These are very practical, personal and emotional issues. Coming from the particular perspective that my wife and I do, you should ask people to walk a mile in your moccasins before making judgment. So what should be an appropriate source of lifesaving stem cells? It may well be that technology can take them right now from the bone marrow of a mature person as well as from an embryo and manipulate them to treat a deadly disorders. That certainly is our hope. But we know personally the family that brought a baby into this world in order that the umbilical cord could be tapped for stem cells so that Molly Nash, a child with Fanconi anemia, could get a life-saving stem cell transplant.
Perhaps you read about the Nash family in People Magazine or one of a dozen others. They've given up their privacy in order to take the case public. But rolling the genetic dice to select a disease-free child who also is a bone marrow match leaves them subject, apparently, to some public criticism. They brought a child in this world for purposes of saving another life. And the moral response? For God sakes, some people bring a kid into this world because they're drunk! So, deciding how one thinks about, talks about, and then acts on these issues is not going to be humanly easy. The Nash case is one of the easiest of many others yet to come. Gene therapy, a near reality, poses the question of choosing birth traits for children, not merely cure of diseases. I doubt that we can recork the genie in this set of bottles. This category of moral issues will end up, I predict, on the desk of the attorney general or the assistant sooner rather than later. And we don't yet necessarily have the vocabulary or analytical tools to resolve issues of the new biology with the intelligence and wisdom that they require.
IX. The Attorney General and the Rule of Law
Let me return to some concluding thoughts about the role of the attorney general. After developing this long inventory of thoughts to share with you, I ended feeling very good about where you stand and how you function in the sphere of the attorney general. In a world in which a notion abounds that ad hoc quick fixes are the only option, the state's chief legal officer can anchor decisions in the rule of law. That's a profoundly comfortable place if the legal system has any integrity. When no other political actor has a particular anchor or sail, you still can say that constitutions matter. You know that the allocation of government powers to make moral decisions and how those powers are exercised is an appropriate issue for you. That inquiry has an answer and that answer can be given consistently and in a principled way. One can proclaim that constitutions matter in terms of individual rights. There may be varieties of interpretation. But there is also, for you, a common core of tools of reason and analysis. There is a framework for understanding that allows us to say what is the correct level of protection for those personal rights that help to define and maintain a free society.
The attorney general has the role of giving principled legal advice. That office is the internal policeman to the rest of the state or provincial government. It is a position both of great responsibility and one hopes of great psychological security because doing the right thing, in part, means making sure that people do the same thing for the same principled reasons day in and day out. Third, the attorney general has the right and indeed sometimes the obligation to say "no" to a client. He or she doesn't have to lose the client in the process! What a luxury. Think about the terror of a private practitioner who may wonder how far professional judgment and personal integrity can be maintained. The attorney general, by virtue of the laws establishing that office, is able to say that "no" counts and make it stick.
Of course, you do not lack daily ethical temptations. Maybe the greatest ones are in the arena of the criminal law and its processes. You all know, I think, that if you even breathe the existence of an investigation, whether it's founded or not, you can ruin the career of a person or a business forever. And that power, which is virtually unreviewable, is an enormous authority over the livelihood, reputations, and person or people in our midst.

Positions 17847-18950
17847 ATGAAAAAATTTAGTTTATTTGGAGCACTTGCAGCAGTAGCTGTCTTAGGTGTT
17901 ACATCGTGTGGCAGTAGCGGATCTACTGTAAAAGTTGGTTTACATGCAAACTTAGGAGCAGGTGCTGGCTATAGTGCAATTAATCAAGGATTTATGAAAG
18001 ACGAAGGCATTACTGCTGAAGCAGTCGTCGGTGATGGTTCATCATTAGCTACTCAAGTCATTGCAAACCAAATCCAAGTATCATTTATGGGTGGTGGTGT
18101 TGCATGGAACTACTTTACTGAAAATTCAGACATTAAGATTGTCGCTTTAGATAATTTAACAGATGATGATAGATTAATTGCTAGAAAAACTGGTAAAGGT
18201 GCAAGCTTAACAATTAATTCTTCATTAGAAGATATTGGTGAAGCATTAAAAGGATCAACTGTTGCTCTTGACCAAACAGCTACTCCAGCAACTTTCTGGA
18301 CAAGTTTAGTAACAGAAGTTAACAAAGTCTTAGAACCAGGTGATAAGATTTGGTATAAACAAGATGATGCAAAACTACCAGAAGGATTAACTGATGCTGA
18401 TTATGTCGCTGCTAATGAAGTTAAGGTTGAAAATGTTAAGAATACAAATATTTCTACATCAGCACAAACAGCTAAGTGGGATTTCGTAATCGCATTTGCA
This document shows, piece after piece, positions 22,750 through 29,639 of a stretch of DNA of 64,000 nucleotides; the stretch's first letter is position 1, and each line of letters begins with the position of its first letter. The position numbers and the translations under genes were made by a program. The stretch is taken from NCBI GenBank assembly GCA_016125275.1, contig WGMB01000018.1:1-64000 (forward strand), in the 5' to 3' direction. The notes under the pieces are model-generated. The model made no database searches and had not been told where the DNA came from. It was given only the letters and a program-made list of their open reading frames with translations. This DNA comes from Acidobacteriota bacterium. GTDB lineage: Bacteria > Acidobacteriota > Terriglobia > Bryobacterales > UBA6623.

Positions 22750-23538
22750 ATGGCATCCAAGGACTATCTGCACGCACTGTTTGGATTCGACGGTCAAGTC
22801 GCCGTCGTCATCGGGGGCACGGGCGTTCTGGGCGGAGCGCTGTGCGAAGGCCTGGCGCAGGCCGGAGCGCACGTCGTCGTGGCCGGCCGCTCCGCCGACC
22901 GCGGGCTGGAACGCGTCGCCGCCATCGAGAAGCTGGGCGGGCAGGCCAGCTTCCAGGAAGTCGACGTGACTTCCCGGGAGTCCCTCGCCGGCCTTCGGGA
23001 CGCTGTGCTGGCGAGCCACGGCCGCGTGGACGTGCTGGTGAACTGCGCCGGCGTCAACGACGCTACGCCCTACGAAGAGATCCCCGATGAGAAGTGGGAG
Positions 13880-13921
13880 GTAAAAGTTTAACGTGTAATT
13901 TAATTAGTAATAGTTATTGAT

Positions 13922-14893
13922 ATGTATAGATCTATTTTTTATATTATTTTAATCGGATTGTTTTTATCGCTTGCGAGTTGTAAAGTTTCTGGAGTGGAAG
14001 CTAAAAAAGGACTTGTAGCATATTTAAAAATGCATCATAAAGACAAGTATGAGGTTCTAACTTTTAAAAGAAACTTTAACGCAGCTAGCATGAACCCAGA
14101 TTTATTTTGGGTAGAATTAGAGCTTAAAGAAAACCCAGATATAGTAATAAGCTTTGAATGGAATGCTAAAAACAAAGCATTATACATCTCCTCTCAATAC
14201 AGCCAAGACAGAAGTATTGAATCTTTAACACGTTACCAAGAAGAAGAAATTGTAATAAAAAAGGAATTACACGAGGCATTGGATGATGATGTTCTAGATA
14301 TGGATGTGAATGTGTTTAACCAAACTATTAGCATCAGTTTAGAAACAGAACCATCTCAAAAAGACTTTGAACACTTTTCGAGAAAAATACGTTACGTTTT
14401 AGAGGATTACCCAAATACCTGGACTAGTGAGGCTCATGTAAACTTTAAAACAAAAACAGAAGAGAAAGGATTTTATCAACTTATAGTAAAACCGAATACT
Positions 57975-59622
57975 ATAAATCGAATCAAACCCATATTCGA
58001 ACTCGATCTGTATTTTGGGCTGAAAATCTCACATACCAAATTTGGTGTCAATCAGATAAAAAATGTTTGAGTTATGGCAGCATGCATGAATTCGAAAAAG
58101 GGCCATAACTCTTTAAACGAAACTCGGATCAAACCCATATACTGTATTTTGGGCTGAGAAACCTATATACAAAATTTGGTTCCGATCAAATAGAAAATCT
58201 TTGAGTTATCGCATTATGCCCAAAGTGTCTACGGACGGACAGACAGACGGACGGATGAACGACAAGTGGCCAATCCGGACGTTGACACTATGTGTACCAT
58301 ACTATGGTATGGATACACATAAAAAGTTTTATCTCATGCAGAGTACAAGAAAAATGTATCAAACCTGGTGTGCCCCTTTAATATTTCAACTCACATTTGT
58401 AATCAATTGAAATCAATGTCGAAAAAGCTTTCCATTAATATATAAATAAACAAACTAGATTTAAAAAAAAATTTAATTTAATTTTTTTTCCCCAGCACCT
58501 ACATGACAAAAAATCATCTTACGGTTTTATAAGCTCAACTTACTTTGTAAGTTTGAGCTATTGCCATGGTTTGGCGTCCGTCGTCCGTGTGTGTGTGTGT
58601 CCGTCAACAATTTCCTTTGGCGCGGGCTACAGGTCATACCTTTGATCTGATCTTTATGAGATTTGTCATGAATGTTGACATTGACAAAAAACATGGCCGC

The attorney general, because he or she is the chief legal officer, is also in a position of being a teacher, an educator. You are a teacher about the ends of government and a teacher about process and procedure. The longer I travel on this planet the more I'm convinced that there are profound moral and ethical values in processes and procedures. Felix Frankfurter once wrote that the history of liberty is the history of procedure. And you live with that knowledge as attorney general or assistant in your offices.
X. The Long View
I do not conclude with a magic formula or an immutable code of ethics. But there is something in the long view. One way to look at that long view is through the lens of a legal term that we all understand. It has been in evidence in other times of our history. And that's the concept of trusteeship. The trustee has certain responsibilities for which he or she is personally accountable. One of the trustee's principal responsibilities is to look for the long view. The search has precedent, happily. It has happened in other times in our history. Those of you who know me know that I'm particularly fond of the history of the American Revolution. And at that time you may remember that John and Abigail Adams, the great American couple, were part of the revolutionary movement. But unlike the fabled stories in some of our history books, this was not 13 colonies united against the crown and parliament. In fact, only about a third of the colonists were actively engaged in the revolution. A third were neutral and a third were actually Tories.
When John was away at the war front doing business, Abigail wrote him and asked: "What should we tell our neighbors? Why are we doing this?" And John wrote her back that famous letter: "You tell them that we study war, so that our children can study business, law, commerce and invention, so that their children can study art, and poetry and music." And in that wonderful statement of trusteeship is the immense sense of personal responsibility to create a world that you will never see because that is the birthright of people yet unborn on this great green planet. That's a powerful statement. It is essential to our character. It is a central part of what it means to be a public servant. It is a profound statement of ethics, and it is, I trust, something by which we all try to live our lives. Thank you very much. (applause)